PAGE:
What it takes to be an investment banker
Ridham Desai, Managing Director, Research, Morgan Stanley tells us what the industry has to offer for aspiring investment banking professionals. Read on
How would you describe investment banking to b-school students?
Students join the industry with the perception of what the industry was like in the 90's.
While this may not be wrong, it is important to understand that one must not join the industry for the glamour quotient.
Students read about stocks on the front page of the newspapers and get attracted to the industry but what they must realise is that the glamour on the surface has nothing to do with the reality and if that is what has attracted you in the first place -- then beware - don't come in.
Students must be clear that they are interested in being a banker, research analyst or a trader.
And that is to be verified separately. They must not come in for just fame.
Salaries have declined post the financial crisis?
The industry's compensation structure has changed post the financial crisis.
While firms were earlier making over 30 per cent returns on equity, compensation towards employees were equally high compared to others, today the trend is reverting.
Post the Lehman crisis, two new concepts have emerged. First is that the fixed salary has increased as a share of total salary and, second, that a large part of the bonus is deferred.
This essentially means that the days when you could do well in one year and collect a lot of money and walk away has changed.
Today you cannot do just well in one year, you have to follow that with another year and another year after that as well to collect the salary of the earlier year.
Employment contract entitles the firm to hold back part of the bonus component.
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Image: Ridham Desai (inset), MD, Research, Morgan Stanley
Photographs: Shannon Stapleton/Reuters
'There is a big difference between aspirations and reality'
What is your advice to students keen on this industry?
One should get in this industry only if you are keen on making a career for the next 20-30 years. Don't have a one or two year horizon as that will not help you in your career.
Verify why you want to do and what you want to do. A SWOT analysis will help.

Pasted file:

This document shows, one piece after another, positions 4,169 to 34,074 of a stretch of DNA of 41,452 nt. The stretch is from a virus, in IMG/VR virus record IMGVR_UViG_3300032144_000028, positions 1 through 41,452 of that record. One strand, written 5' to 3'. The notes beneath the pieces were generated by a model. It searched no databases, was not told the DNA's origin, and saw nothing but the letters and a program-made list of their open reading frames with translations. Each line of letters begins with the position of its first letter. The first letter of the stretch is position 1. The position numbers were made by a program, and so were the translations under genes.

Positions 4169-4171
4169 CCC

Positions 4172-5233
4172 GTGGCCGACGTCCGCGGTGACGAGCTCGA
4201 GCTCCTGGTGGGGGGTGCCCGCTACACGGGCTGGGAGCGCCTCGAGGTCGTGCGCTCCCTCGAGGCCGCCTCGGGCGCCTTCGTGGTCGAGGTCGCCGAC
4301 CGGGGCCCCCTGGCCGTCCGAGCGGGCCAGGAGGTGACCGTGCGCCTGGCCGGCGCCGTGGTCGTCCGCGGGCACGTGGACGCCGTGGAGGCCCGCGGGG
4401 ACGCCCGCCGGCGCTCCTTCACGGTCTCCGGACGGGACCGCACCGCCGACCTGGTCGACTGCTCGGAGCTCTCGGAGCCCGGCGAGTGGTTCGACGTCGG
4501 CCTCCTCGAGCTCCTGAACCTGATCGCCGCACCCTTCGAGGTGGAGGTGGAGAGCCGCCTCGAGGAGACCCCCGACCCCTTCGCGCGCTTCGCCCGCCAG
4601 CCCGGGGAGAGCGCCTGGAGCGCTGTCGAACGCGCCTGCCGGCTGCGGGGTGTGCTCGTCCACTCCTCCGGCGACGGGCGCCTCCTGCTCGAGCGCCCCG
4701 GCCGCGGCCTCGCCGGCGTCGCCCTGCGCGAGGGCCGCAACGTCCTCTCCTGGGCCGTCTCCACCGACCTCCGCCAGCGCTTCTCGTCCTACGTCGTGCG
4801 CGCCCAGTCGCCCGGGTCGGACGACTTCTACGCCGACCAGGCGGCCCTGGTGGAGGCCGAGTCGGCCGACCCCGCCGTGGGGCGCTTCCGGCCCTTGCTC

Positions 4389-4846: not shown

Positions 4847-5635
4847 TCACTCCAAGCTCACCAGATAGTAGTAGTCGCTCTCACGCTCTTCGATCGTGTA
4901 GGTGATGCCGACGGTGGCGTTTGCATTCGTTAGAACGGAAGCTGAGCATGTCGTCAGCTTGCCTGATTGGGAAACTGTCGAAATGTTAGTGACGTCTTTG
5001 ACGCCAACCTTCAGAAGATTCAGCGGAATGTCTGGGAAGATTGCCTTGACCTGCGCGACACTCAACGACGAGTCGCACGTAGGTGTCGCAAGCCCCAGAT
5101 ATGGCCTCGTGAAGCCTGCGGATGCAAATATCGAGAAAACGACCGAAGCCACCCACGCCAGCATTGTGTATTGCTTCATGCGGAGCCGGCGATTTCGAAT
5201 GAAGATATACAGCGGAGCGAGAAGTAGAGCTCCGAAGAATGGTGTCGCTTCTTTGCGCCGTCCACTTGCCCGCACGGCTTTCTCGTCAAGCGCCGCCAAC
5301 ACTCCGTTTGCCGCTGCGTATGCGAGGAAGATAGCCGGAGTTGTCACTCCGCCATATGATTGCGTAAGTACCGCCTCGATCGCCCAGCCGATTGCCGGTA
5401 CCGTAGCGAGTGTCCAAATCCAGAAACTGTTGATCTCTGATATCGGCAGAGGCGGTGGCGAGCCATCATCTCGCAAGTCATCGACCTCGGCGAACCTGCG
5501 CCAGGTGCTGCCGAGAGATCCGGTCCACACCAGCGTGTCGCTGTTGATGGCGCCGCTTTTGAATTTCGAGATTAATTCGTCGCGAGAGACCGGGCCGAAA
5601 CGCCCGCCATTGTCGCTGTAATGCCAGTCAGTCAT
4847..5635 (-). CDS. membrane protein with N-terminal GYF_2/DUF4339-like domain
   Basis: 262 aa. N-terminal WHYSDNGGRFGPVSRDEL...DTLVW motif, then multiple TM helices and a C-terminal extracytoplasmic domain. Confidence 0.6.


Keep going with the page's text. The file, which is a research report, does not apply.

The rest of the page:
Students join and then realise that this is not what they wanted to do. In fact if you adjust it for stress and hard work, then are you really better off than other places.
Also remember to factor in the level of uncertainty as there is a chance that you may not have your job.
Why has Morgan Stanley not been recruiting from b-school for a few years now?
We have not gone to b-schools in the last four years in the area of research, and have recently preferred laterals than fresh hires.
There is a big difference between aspirations and reality. You must have love for stock markets, corporate advisory.
You must be some one who on a Sunday evening is looking forward to going to work the next day.
You hired from b-schools before?
Yes, some very successful hires, others not so.
I ran into students earlier who had aspirations, but did not have the understanding of the job. And then we have hired people who proved to be very successful because of their focus and desire to learn.
Right now the hiring in the industry is slow due to excess capacity and slow growth. This could of course change in the coming 12-months.
'Many students get carried away with brand names or money'
During placements, should the goal just be a good package?
Twenty years ago, I got placed on Day Four as I wanted to get into an investment banking firm. Many students get carried away with brand names or money but that is not right way.
Understand what you want to do and move towards that. Don't fall for peer pressure.
What do you see in a resume?
I see what students say about themselves. So if a student has said that he knows a particular subject then he should expect to be thorough on that. If a student says he is meticulous then it should also apply to his personal grooming.
While former grades may speak in his/her favour, they are not the only points. But the grades do say something about you.
Also, the student has to realise that there is a lot of hard work especially in the early years of life.
Longevity is an important factor. Other factors are honesty, integrity, hard work and they all come out when we interview people based on the work they have done.
How would you compare the situation abroad to here?
In India, prospects remain excellent for the long run but in the short run capacity has to extinguish before we see a pick in jobs and salaries.
Students should also aspire to gain work experience before jumping into an MBA.
Regards the MBA programmes, a lot of schools have introduced courses about capital markets over the past 10 years so there is theoretical training in the subject.
An emerging subject is Behavioral Finance, which too I understand is making it to curriculum but more schools should introduce it given its wide applicability -- not just to finance.